Who Are Women on the Rise?

Shockingly, modern data on the career journeys of college educated women is hard to find so I launched the Women on the Rise survey. Nearly 1,500 shared their stories. Here’s some insight into what we learned…

They’re highly educated and highly qualified

0 %
have a college degree
0 %
have at least one graduate degree

They’re ambitious

0 %
consider themselves VERY ambitious

They’re purpose driven

0 %
who paused did so because they cared as passionately about their families as they did about their careers

They’re entrepreneurial

0 %
have either started their own company or work in companies with fewer than 100 people

They’re career innovators

0 %
paused or downshifted for a period of time to care for their families with 85% having successfully relaunched
0 %
said lack of workplace flexibility inspired them to say “enough is enough” and create their own path
0 %
reported to being back on track within one year

Lisen WPT 1500 by 500 book banner

Ah, women and leadership.

It’s all the buzz these days. Everywhere we turn we hear another story about a woman rising to the top. Like you, I’m thrilled to see women making so many breakthroughs in their professional lives. But despite all of the rhetoric around work and family, these narratives often forget to include answers to the BIG question: “How did she do it (or is doing it, for that matter)?”

Our work-first national narrative offers us black and white tales of the person who, with singular focus, worked their way up the ladder and is now the CEO, Managing Partner, Head of this or that. And while we certainly need more women leaders, we need the truth of their paths to offer models for us all because when you drill into these success narratives, you see that life is much more nuanced.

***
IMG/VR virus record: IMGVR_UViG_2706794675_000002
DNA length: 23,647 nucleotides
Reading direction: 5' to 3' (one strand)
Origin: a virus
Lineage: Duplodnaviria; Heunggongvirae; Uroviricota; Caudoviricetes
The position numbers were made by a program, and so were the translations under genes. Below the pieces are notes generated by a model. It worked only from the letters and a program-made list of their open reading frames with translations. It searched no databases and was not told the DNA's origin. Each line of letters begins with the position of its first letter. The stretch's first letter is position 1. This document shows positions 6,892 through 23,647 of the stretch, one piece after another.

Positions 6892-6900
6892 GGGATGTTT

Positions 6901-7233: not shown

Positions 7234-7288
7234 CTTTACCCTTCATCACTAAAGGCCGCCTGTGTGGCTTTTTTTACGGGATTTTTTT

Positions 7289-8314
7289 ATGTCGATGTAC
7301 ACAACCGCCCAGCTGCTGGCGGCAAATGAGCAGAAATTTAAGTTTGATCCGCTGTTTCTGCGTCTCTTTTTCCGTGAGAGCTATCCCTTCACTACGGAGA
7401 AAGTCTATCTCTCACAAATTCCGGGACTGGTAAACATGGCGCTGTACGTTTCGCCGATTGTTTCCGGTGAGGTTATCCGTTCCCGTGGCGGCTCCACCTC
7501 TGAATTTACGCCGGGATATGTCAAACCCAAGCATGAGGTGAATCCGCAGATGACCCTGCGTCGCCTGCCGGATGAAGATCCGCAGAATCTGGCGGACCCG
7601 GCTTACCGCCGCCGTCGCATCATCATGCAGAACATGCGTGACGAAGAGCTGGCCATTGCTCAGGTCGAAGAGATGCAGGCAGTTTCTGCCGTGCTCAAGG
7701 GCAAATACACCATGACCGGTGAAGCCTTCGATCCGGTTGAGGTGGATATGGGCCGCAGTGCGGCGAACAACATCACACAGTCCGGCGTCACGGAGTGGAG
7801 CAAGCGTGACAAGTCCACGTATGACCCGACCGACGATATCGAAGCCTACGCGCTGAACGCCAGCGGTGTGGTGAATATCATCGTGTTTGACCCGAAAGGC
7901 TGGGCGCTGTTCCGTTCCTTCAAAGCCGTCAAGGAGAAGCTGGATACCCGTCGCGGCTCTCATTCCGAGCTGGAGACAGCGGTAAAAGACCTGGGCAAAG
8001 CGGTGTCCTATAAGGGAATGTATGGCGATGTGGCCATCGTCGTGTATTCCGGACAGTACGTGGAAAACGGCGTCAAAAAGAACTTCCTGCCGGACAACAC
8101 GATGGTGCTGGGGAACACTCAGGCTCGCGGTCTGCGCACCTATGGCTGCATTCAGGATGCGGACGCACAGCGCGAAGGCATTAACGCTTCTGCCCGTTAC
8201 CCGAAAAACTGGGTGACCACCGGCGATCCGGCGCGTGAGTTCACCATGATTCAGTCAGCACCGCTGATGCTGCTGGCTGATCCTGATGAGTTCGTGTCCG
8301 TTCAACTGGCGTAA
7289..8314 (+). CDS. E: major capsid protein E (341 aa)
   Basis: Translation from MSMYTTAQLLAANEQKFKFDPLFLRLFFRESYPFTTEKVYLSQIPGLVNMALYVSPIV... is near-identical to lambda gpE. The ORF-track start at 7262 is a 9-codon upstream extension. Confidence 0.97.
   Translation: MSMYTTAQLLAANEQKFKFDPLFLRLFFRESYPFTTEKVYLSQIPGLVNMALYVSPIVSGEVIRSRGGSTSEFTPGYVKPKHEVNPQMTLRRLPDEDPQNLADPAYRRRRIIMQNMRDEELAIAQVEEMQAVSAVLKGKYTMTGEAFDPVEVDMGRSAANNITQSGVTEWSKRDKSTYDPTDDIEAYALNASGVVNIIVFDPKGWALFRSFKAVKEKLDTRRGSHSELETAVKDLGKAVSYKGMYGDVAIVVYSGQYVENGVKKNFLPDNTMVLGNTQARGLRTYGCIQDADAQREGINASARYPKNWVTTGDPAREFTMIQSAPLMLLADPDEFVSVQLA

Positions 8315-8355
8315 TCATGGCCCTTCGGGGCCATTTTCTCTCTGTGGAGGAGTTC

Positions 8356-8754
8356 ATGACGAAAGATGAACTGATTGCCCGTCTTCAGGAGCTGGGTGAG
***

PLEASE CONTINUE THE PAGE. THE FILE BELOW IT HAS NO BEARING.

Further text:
Often, you’ll uncover stories of successful women (and men) who voluntarily paused or pulled back their careers in order to deal with the curve balls of life. Sometimes they paused to focus on kids, sometimes to care for ailing parents, sometimes they paused so they could travel around the world or pursue a passion. These pauses didn’t last a lifetime, they were part of the arc of a career.

Sadly, we are taught to hide these “holes” in our resume as though they don’t enable us to build skills and abilities that will be valued in the workplace. Work itself provides little room for us to be fully authentic when we are forced to hide that which we most deeply value.

“Working mother” and “Stay-At-Home mother” are terms that don’t truly speak to the give and take of our realities, but they do create silos and hostility and judgement around our choices. We all know the end result: The Mommy Wars.

Work Pause Thrive offers insight into how trailblazing women have managed to integrate their work + life priorities. It debunks the myth that if you pull back, even briefly, your career will end in shambles. It focuses on how you can lead your best life by offering recommendations and tips on conscious career planning that incorporates your personal desires with your professional ambitions. Finally, Work Pause Thrive provides a call to action to demand broader solutions for both women and men in the workplace.

Order your copy from Amazon, Books-A-Million, Indie Bound or Barnes & Noble today! 


Lisen’s essays have been anthologized in numerous books. Recently, her essay, “Won’t Let Down the Team, This Time” appears in Love Her, Love Her Not: The Hillary Paradox  and her essay, “Staying the Course” appears in Nothing But The Truth So Help Me God.

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